Geoff Matthews agrees senior management has a lot to answer for: ‘The car industry is becoming increasingly cost-conscious, owing to the huge sums now involved in launching a new model. As a result, most managing directors are now finance-based, not product-based. And they’d rather play follow my leader than innovate. It’s safer that way. It may not be lucrative, but – for truly innovative ideas are usually highly profitable. And it may not be better for the industry. But it’s safer, and less likely to lose money.
For instance, after the launch of the Golf, other company bosses knew that concept – radical at the time – was successful , so they got their designers to design a car virtually based on the Golf. The Peugeot 205 was the next big step in the small car class. Other companies, when trying to design a 205 rival, used it as their base. That’s no way to innovate.
‘The phobia all major manufacturers have about market-researching a car has also stifled innovation. Of course, you can understand management wanting some feedback from the general public, before committing hundreds of millions of pounds to a project. But many clinics – where the public pass judgement on new prototypes – just aren’t done properly.
‘It’s pointless asking the general public properly to judge an advanced car. These are people with today’s eyes; what do they know about tomorrow’s cars? They don’t have the vision to see one step ahead. I know from experience that, if you clinic potential small cars buyers in France, many will be Renault 5 owners: if you’re new car looks like a Renault 5, you’re flattering their tastes and they’ll probably like it. They feel more comfortable with a car that looks like their own. Clinics can slow progress. Some clinics, of course, are run more professionally than others. You should only take so much notice of a clinic. Some makers take too much.’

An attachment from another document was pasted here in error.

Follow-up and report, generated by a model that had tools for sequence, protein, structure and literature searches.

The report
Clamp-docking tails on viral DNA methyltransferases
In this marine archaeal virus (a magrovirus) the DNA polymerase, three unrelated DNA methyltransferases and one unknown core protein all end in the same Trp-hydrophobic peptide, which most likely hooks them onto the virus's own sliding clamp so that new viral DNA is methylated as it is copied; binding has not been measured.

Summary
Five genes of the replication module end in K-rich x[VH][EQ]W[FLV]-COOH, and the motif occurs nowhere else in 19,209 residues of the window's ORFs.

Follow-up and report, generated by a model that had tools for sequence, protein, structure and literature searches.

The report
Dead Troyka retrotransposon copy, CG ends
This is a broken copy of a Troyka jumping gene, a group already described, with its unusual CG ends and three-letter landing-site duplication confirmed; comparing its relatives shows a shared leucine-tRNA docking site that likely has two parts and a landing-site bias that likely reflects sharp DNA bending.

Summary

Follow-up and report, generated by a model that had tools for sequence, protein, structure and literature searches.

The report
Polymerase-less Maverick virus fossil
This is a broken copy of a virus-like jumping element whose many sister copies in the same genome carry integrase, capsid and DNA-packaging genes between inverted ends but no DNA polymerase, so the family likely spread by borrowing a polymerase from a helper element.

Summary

Le Quement agrees that market research now has more power than ever before. ‘Test conditions, in clinics, are quite artificial. The public often get about two hours with the car. If they are surprised by something new, they’ll often reject it. Perhaps two hours later, after the clinic’s over, they’ll like it.
‘I’m absolutely convinced that the biggest risk of all is to take no risk. I have always been an advocate of instinctive design over exhaustive marketing. I told that to the president of Renault, when I joined. To my gratification, he agreed.’